Kids are gross, man

PSA: If Your Kid Has Pinworms, You Have Pinworms — & It’s Actually Super Common

Dr. Cerissa Key unlocks new fears in a viral TikTok video.

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Dr. Cerissa Key explains why if a child has pinworms, their parents probably do too.

Inevitably, you'll experience things as a parent you never thought in your wildest dreams (or, more aptly, nightmares) would be an issue. That was the case for parenting coach Justin Kellough, who recently vented about his kid getting — are you ready for it? — pinworms. But, as if that new fear unlocking wasn't enough, along came Dr. Cerissa Key to bring some truly jarring intel: If your kid gets pinworms, you're getting them, too.

"Justin, sir, I hate to be the bearer of bad news, but if your son has worms in his booty hole, sir ... respectfully, you also have worms in your booty hole. They really should sell that Reese's Pinworm Medication at Costco so families of more than three can buy it in bulk," Key says in response to Kellough's original video, reassuring him, "Yes, it does seem disgusting but it is actually super duper common."

Key even admits that her kid — yes, the doctor's kid — had gotten pinworms before and everyone (including her) had to drink that nasty medicine.

What can we say? Kids are gross, man. So, now that you're convinced you either have or will soon get pinworms, keep reading for some valuable information courtesy of Key.

How do you get pinworms?

According to Key, it all boils down to kids' hygiene habits. A kid who has pinworms goes to the bathroom, doesn't wash their hands well, and they touch something your kid later touches. After that, it's only a matter of time until the tiny eggs your kid inadvertently picked up on their hands go straight down the hatch. "Let me tell you: Kids are disgusting, and they put their hands in their mouths constantly."


From there, Key explains, those tiny eggs enter your child's GI tract, where they hatch and make little worms. The worms then have a "wild night" and make even more worms, which travel during the night to the anus to lay eggs. When your kid goes to the bathroom, those eggs are just "flying everywhere."

It gets worse, if you can believe it.

"When they come up to you with their little wormy butt hands, and they say, 'Mama take a little bite of this,' you don't wanna crush their little spirits. So you eat it. And then... you have booty hole worms."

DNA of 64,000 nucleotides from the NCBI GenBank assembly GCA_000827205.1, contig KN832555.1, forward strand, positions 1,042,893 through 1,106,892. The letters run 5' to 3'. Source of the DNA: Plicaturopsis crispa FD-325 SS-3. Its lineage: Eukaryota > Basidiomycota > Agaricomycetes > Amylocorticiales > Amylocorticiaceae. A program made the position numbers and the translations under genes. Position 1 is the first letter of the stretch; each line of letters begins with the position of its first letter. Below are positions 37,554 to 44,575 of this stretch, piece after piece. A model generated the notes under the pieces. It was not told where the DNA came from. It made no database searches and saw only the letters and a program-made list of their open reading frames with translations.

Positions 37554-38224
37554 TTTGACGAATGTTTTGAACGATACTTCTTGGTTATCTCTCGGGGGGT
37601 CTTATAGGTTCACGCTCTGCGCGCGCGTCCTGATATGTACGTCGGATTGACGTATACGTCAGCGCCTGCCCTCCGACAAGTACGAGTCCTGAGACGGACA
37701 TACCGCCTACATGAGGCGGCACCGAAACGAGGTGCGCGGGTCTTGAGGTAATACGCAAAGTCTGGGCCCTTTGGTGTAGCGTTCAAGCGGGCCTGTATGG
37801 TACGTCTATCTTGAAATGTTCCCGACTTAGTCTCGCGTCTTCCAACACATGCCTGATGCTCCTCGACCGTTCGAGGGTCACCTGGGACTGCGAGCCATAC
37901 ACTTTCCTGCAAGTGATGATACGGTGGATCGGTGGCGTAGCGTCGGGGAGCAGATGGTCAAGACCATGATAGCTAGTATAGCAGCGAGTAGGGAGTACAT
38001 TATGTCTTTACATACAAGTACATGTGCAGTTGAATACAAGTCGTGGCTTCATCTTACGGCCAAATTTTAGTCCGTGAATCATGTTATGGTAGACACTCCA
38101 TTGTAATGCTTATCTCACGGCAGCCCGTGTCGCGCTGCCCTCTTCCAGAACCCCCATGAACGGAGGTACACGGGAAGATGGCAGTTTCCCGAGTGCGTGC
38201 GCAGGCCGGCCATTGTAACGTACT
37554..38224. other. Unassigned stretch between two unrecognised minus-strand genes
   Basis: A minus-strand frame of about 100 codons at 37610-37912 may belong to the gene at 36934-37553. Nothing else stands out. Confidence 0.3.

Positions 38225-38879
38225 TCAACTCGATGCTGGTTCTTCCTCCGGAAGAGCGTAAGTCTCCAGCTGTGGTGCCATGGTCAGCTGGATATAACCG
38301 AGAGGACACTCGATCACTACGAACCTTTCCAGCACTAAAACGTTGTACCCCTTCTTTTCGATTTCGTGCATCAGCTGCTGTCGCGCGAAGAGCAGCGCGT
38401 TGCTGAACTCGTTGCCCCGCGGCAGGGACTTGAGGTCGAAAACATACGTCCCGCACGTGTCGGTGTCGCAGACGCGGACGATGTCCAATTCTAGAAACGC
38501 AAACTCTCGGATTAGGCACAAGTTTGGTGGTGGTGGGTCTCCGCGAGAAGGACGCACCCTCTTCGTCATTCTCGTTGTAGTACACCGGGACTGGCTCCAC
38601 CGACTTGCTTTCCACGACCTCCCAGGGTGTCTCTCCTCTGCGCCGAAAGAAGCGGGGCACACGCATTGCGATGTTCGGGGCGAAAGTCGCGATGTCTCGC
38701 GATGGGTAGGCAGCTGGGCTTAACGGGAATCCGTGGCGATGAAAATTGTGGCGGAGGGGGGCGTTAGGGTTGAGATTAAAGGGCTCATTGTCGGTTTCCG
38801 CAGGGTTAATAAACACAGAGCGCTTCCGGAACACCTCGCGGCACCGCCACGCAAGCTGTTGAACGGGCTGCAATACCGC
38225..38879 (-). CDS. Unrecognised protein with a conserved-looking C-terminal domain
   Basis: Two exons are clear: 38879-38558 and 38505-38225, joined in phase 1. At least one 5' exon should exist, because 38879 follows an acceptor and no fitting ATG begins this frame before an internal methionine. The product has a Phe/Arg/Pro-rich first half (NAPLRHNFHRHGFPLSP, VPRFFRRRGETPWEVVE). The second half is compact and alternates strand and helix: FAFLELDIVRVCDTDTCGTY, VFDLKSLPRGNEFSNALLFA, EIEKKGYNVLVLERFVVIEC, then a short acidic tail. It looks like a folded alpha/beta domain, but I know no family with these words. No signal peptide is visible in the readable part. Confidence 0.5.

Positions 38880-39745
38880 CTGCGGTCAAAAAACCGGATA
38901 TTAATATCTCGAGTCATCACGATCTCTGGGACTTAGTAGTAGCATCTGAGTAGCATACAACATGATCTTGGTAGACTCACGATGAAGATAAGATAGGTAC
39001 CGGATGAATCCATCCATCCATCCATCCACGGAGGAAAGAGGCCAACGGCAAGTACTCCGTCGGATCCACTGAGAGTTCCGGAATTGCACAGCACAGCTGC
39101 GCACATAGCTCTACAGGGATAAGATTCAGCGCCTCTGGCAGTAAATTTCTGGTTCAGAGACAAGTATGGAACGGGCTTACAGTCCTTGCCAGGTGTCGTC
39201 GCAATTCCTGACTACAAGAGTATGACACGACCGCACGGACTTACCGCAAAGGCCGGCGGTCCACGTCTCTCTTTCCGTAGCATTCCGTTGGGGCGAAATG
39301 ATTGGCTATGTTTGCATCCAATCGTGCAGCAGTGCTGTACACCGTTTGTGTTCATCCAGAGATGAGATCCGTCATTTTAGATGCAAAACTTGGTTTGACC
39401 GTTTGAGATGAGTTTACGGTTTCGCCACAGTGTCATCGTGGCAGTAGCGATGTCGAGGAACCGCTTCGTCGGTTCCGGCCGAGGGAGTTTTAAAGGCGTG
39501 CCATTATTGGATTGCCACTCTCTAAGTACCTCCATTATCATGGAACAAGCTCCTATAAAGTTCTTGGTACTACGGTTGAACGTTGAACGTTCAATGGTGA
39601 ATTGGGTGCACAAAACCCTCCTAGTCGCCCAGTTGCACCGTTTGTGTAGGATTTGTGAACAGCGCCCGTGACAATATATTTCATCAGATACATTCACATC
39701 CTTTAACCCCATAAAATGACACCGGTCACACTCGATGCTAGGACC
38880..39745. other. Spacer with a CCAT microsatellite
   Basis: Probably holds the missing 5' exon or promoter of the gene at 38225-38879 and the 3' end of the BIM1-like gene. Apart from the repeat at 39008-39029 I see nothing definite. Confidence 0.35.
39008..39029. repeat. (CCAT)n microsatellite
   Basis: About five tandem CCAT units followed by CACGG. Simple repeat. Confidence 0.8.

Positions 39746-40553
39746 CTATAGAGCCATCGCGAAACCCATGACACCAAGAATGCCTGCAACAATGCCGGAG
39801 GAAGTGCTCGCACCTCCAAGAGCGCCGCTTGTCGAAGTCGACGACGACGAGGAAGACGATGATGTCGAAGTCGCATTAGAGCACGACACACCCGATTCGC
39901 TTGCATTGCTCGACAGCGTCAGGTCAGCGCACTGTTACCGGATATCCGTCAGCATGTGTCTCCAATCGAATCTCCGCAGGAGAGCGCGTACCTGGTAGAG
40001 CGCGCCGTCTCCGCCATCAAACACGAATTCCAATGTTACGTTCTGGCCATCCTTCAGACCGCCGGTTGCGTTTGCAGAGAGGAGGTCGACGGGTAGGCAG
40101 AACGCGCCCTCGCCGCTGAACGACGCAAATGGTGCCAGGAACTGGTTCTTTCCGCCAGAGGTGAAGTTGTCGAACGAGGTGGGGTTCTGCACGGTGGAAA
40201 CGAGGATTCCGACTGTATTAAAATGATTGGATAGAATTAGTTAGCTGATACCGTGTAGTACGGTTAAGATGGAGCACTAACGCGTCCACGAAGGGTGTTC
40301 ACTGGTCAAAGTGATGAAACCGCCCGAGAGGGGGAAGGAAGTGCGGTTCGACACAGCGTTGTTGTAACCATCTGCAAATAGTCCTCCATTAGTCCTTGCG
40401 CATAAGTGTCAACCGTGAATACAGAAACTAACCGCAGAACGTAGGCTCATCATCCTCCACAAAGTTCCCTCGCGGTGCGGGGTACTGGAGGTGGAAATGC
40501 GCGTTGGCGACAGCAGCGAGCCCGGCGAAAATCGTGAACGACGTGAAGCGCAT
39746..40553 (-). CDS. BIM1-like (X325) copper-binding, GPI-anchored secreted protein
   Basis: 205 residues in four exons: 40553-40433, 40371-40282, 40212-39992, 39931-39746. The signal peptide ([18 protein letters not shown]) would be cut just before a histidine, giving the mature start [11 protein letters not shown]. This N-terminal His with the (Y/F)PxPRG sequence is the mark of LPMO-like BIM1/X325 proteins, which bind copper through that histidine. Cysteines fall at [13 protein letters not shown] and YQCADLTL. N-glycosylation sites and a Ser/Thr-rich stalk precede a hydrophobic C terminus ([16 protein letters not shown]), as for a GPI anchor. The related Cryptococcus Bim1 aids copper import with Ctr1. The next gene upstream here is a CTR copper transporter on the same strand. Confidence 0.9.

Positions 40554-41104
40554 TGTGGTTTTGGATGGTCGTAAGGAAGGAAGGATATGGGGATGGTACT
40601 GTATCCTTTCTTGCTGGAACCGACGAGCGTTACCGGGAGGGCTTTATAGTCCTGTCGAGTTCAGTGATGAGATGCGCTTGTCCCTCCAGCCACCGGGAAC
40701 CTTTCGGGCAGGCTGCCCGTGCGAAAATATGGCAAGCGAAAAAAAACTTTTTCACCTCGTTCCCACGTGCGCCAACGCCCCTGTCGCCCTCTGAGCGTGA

How do you know if you or your child has pinworms?

"Pinworms, a lot of times, will cause anal itching. In little girls, it can cause the vulva to itch," says Key. "And it's typically worse at night, but the real nightmare is that a lot of people with pinworms have no symptoms at all."

In essence, you may not know your kid has worms until they really have worms. They might also be irritable, nauseous, or complain of occasional stomach pain.

You can also ask your kiddo not to flush after they poop if they're complaining of itches or aches. Even if it's not worms, taking even a glance at their poop can give you a ton of info, and if you go to their doctor, you'll be able to give better details.

How do pediatricians diagnose pinworms?

Photographic evidence can do a lot to help your doctor diagnose your child's symptoms, and this goes for literally all childhood ailments. So, yes, taking pictures of your kid's poop is helpful — video is even better, says Key.

If you suspect your kid has worms, you can also place a piece of Scotch tape on your kid's butt in the morning because it will pick up the eggs. You can take that to the pediatrician's office, so they "can look under a microscope" to make an official diagnosis.

"Our jobs are really gross," Key confirms.

How do you treat pinworms?

Treating pinworms is (typically) fairly easy. It's like treating lice: over-the-counter medicine and deep cleaning.

"I do recommend that people take the medication and then repeat it in two weeks," instructs Key. "Because if there are any eggs leftover that have hatched, this will then kill the worms."

Just how careful and thorough should you be with your cleaning? Key says the key is to go hard, but be careful. You'll want to wash all fabrics "on 'hell' temperatures," but "don't be ripping your sheets off the bed all willy-nilly," she explains — you'll send the eggs airborne.

You'll also want to vacuum TF out of everything: couch, carpets, rugs, everything. "Anywhere that your little wormy butt hole child has been or sat," she says.

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